Transport is one of Malta’s main environmental challenges

Photo credit: MSDEC. Family photo at the Informal Council Meeting of the EU Environment Ministers.

When addressing an informal Council Meeting of European Transport and Environment Ministers in Amsterdam organised by the Netherlands Presidency, which together with Slovakia and Malta forms part of the EU Presidency Trio, Minister for Sustainable Development, the Environment and Climate Change Leo Brincat said that transport is one of Malta’s main environmental challenges, particularly since we are committed to keeping transport emissions at not more than 5% above 2005 levels under the EU 2030 Effort Sharing Decision.

Minister Brincat said that the recent EU Commission Country Report for Malta 2015 identifies transport and related infrastructure as a major challenge with regards to our sustainable economic growth.

When addressing the Informal Council Meeting on the Environment on Green Mobility Minister Brincat said that, apart from the greening of road transportation being an essential policy option that is expected to contribute to both climate change mitigation and adaptation, it also poses various environmental health challenges that need to be addressed in the coming years.

Minister Brincat said that while Malta looks forward to the expected communication from the EU on the decarbonisation of transport, efforts need to be continuously stepped up to ensure that road transport as a sector, plays an important role in the enhancement of our air quality standards.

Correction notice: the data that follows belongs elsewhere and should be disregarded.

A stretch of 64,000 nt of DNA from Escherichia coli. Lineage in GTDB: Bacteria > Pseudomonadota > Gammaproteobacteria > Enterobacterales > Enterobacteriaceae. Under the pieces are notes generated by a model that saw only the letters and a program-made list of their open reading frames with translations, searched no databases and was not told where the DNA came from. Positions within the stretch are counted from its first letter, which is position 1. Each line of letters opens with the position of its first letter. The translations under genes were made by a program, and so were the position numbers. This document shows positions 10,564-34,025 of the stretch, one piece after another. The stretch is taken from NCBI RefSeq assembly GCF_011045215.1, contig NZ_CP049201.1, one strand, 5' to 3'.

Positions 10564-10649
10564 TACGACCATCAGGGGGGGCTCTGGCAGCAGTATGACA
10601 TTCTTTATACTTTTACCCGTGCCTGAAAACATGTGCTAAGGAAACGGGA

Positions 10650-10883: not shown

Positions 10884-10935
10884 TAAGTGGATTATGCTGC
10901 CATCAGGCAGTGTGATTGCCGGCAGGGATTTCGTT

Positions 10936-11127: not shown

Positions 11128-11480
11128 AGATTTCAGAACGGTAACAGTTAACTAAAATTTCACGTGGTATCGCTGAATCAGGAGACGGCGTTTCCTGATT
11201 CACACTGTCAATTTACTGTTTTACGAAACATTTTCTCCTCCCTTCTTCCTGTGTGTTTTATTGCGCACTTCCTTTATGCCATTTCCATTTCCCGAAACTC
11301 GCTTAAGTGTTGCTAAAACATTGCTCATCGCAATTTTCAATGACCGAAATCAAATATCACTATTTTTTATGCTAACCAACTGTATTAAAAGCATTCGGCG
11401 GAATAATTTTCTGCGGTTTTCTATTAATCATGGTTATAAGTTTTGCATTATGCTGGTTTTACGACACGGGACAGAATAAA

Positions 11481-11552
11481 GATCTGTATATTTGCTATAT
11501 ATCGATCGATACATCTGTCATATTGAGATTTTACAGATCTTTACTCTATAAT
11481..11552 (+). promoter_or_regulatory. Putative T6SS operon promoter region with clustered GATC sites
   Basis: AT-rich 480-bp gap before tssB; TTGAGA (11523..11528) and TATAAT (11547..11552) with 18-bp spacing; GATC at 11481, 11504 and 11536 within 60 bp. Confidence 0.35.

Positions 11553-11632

For this reason we need greener, more efficient vehicles and fuels coupled with more effective vehicle emission standards tests.

Malta has one of the highest motorisation rates of passenger cars in the EU. In 2013 this stood at 763 per 1,000 residents. This together with the small country size and high urban density presents a daunting challenge.

“Increased efforts are needed to increase social consciousness and responsibility to shift towards greener modes of transport. This would require enhancing cooperation between citizens and key stakeholders in order to identify balanced and equitable actions appropriate for the different context in which we are operating,” said Minister Brincat.

Experience elsewhere has shown that reducing CO2 emissions does not guarantee a commensurate reduction in particulate matter.

Our Air Quality Plan which is nearing finalisation will stand to be judged by how much it can effectively lead to an actual reduction of high traffic congestions, as well as the promotion of smart and sustainable mobility and public services.

In Amsterdam Minister Brincat together with other Ministers visited The Innovation EXPO 2016 that showcases how the Netherlands have been instrumental in making a sustainable urban delta. It has been organised by the ‘quintuple helix’ of the Dutch business community, the scientific community, civil society, media and the public sector. Its main areas of interest are: Building the City, Healthy Living and Connecting People (Mobility).